1. Appeal under Section 129 of the Customs Act, 1962, praying that in the circumstances stated therein, the Tribunal will be pleased to set aside the order of the lower authority and order refund of duty paid by the appellant.
2. This appeal coming up for orders upon perusing the records and upon hearing the arguments of Shri P. Swaminathan, employee of the appellant and upon hearing the arguments of Shri A. Vijayaraghavan, Departmental Representative for the respondent, the Tribunal makes the following Order : 3. This petition was filed before the Government of India against the order-in-appeal No. C3/2390/1976, dated 18-7-1977 of the Appellate Collector of Customs, Madras. By virtue of 5ection 131-B of the Customs Act, 1962, the petition has been transferred to this Tribunal to be heard as an appeal.
4. Out of four packages of diesel engine components imported by S.S.Donegal, shortages were discovered in two cases. The appellant claimed refund of duty paid on these two cases. The Deputy Collector of Customs, Madras, rejected this claim under his Order No. S.59/23B/7.5, dated 21-7-1976 observing that the importers did not produce the remaining packages for examination; in the absence of examination of these two packages, it cannot be ruled out that the shortage noticed in the cases referred to were not packed in the packages which were not produced for examination. When the matter was agitated in appeal before the Appellate Collector of Customs, Madras, he confirmed the order, substantially on the same grounds.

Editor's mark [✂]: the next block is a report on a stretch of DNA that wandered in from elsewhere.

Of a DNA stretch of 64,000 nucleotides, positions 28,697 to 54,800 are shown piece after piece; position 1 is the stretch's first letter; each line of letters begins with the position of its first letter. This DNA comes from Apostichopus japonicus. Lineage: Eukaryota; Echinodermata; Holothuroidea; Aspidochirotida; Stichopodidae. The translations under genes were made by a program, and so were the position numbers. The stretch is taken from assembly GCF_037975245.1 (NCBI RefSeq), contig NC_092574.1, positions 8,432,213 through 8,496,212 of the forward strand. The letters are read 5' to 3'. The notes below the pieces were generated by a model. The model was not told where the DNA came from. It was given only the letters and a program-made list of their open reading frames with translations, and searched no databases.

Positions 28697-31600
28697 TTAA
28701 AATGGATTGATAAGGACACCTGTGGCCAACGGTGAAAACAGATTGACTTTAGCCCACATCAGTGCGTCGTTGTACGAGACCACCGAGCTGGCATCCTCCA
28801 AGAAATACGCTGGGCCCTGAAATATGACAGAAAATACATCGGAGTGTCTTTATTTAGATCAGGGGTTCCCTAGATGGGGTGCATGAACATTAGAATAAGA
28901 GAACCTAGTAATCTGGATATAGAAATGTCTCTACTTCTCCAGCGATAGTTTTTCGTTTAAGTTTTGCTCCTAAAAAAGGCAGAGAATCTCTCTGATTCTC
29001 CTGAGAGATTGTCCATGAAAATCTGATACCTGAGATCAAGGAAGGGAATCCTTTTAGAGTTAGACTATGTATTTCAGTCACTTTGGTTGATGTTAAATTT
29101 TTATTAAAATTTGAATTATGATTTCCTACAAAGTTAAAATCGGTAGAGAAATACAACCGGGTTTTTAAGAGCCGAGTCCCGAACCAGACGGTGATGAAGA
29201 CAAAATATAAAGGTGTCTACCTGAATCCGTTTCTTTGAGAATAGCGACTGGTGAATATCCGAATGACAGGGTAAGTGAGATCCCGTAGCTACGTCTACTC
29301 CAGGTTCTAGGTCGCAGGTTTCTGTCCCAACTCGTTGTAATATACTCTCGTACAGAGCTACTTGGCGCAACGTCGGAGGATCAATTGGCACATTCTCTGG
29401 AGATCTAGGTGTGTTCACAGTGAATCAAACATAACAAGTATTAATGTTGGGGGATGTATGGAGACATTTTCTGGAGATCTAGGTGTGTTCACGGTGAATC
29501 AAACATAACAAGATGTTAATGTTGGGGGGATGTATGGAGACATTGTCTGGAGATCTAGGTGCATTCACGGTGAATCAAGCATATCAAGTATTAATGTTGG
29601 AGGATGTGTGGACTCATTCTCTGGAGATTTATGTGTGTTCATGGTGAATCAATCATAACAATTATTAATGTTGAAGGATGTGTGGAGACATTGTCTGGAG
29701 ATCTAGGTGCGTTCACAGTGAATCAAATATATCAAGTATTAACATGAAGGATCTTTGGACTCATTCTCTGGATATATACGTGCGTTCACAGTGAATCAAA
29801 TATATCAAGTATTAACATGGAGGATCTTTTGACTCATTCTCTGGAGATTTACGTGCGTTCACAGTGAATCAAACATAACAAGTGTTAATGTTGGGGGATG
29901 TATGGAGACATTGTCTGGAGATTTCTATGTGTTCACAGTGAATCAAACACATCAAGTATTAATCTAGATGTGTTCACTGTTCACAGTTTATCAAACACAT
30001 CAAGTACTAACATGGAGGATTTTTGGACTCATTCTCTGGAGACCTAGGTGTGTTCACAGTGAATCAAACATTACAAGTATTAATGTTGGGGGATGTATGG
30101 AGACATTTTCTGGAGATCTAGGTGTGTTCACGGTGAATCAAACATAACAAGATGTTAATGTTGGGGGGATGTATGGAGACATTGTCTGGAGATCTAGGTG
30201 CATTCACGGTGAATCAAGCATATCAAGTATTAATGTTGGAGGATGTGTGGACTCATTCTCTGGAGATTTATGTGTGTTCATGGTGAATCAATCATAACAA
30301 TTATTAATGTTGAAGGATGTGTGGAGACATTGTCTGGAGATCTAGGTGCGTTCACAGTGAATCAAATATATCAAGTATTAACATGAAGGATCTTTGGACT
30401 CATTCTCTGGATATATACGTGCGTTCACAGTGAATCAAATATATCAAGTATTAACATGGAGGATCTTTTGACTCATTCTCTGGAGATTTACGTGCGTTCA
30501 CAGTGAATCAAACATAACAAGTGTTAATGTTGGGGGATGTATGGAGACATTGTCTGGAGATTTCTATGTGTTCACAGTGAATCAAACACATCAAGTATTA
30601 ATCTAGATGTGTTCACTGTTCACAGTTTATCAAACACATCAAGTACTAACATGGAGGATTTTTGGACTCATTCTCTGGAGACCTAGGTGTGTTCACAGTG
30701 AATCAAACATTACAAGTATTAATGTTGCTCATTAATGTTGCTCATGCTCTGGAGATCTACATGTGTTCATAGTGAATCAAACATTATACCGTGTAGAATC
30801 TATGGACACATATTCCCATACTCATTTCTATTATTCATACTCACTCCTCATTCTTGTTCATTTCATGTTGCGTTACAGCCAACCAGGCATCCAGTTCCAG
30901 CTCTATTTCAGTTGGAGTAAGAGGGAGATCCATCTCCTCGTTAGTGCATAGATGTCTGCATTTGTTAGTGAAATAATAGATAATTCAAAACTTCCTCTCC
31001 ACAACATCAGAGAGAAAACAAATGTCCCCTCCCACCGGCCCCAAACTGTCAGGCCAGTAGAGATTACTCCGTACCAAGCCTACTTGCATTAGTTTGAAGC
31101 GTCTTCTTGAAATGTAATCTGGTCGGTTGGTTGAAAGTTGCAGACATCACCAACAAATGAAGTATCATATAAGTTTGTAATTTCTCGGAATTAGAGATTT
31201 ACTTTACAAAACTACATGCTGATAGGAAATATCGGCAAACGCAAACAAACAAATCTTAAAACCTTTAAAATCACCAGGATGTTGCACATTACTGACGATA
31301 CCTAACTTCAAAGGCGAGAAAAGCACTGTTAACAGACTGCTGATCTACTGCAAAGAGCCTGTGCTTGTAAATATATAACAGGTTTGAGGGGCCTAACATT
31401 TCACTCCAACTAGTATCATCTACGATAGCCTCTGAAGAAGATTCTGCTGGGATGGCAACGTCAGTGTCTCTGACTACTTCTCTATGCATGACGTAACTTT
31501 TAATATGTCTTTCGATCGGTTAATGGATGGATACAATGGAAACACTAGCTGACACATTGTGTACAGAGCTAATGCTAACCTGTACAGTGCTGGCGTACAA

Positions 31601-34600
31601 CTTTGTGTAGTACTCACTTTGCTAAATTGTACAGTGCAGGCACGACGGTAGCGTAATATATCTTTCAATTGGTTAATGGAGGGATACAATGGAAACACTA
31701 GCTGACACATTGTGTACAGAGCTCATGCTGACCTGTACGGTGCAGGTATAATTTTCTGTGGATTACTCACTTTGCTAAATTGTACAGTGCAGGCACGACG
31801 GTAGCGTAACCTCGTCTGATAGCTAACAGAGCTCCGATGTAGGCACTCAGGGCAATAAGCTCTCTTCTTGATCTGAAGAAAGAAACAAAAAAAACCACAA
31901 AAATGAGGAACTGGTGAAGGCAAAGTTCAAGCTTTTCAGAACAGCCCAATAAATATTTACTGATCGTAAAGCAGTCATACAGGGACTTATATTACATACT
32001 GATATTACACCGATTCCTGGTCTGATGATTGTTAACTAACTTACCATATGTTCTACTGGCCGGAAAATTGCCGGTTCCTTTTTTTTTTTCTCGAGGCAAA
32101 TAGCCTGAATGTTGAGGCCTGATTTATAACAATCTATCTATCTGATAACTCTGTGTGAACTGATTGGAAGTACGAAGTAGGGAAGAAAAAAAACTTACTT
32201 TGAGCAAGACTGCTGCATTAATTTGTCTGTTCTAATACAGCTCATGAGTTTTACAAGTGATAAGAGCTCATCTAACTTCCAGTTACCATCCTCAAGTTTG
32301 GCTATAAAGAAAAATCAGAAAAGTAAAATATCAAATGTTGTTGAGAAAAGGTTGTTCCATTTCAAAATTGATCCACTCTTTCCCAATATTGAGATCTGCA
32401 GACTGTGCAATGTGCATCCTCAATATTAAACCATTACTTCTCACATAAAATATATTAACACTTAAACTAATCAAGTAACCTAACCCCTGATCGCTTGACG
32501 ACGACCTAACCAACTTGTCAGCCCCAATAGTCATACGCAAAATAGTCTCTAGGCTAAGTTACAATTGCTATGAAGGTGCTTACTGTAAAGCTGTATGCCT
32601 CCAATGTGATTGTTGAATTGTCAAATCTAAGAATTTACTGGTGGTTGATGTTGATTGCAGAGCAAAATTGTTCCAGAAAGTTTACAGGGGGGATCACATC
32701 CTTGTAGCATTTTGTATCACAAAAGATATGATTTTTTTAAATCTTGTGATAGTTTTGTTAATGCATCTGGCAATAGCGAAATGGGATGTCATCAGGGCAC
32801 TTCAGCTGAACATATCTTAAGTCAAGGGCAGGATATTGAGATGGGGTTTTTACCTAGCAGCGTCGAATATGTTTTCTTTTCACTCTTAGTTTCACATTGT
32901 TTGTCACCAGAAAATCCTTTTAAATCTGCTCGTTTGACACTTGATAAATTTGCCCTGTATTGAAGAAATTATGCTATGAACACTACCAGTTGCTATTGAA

5. Before us it is claimed that there is no evidence to indicate that the shortages in the two packages - Nos. 1761 and 1843 - were in fact contained in the other two packages, Nos. 1762 and 1844. There is no basis for the inference drawn by the Deputy Collector/Appellate Collector. The Departmental Representative points out that an order for bonding one package No. 1843 had been passed prior to the date of examination of the package. Any claim on account of shortages in that package will not be allowable in terms of Section 13 of the Act. In respect of package No. 1761, he states that the packing list which was produced may not be acceptable as correct; the total number of units in all the four packages as indicated in the packing list is 11,700 whereas the invoice shows that quantity as 11,400. A closer examination of the documents show that the invoice is in respect of two packages each. The total number of units in respect of package Nos. 1761 and 1762 tallies with the quantum given in the invoice and the packing list. So, one could reasonably assume that the packing list is an acceptable document in respect of package No. 1761. The shortage in package No. 1761 was discovered before an order for warehousing was passed by the proper officer. We, therefore, allow the appeal in part and order that duty relatable to a shortage of 2,310 units as discovered in package No. 1761 be refunded to the appellant.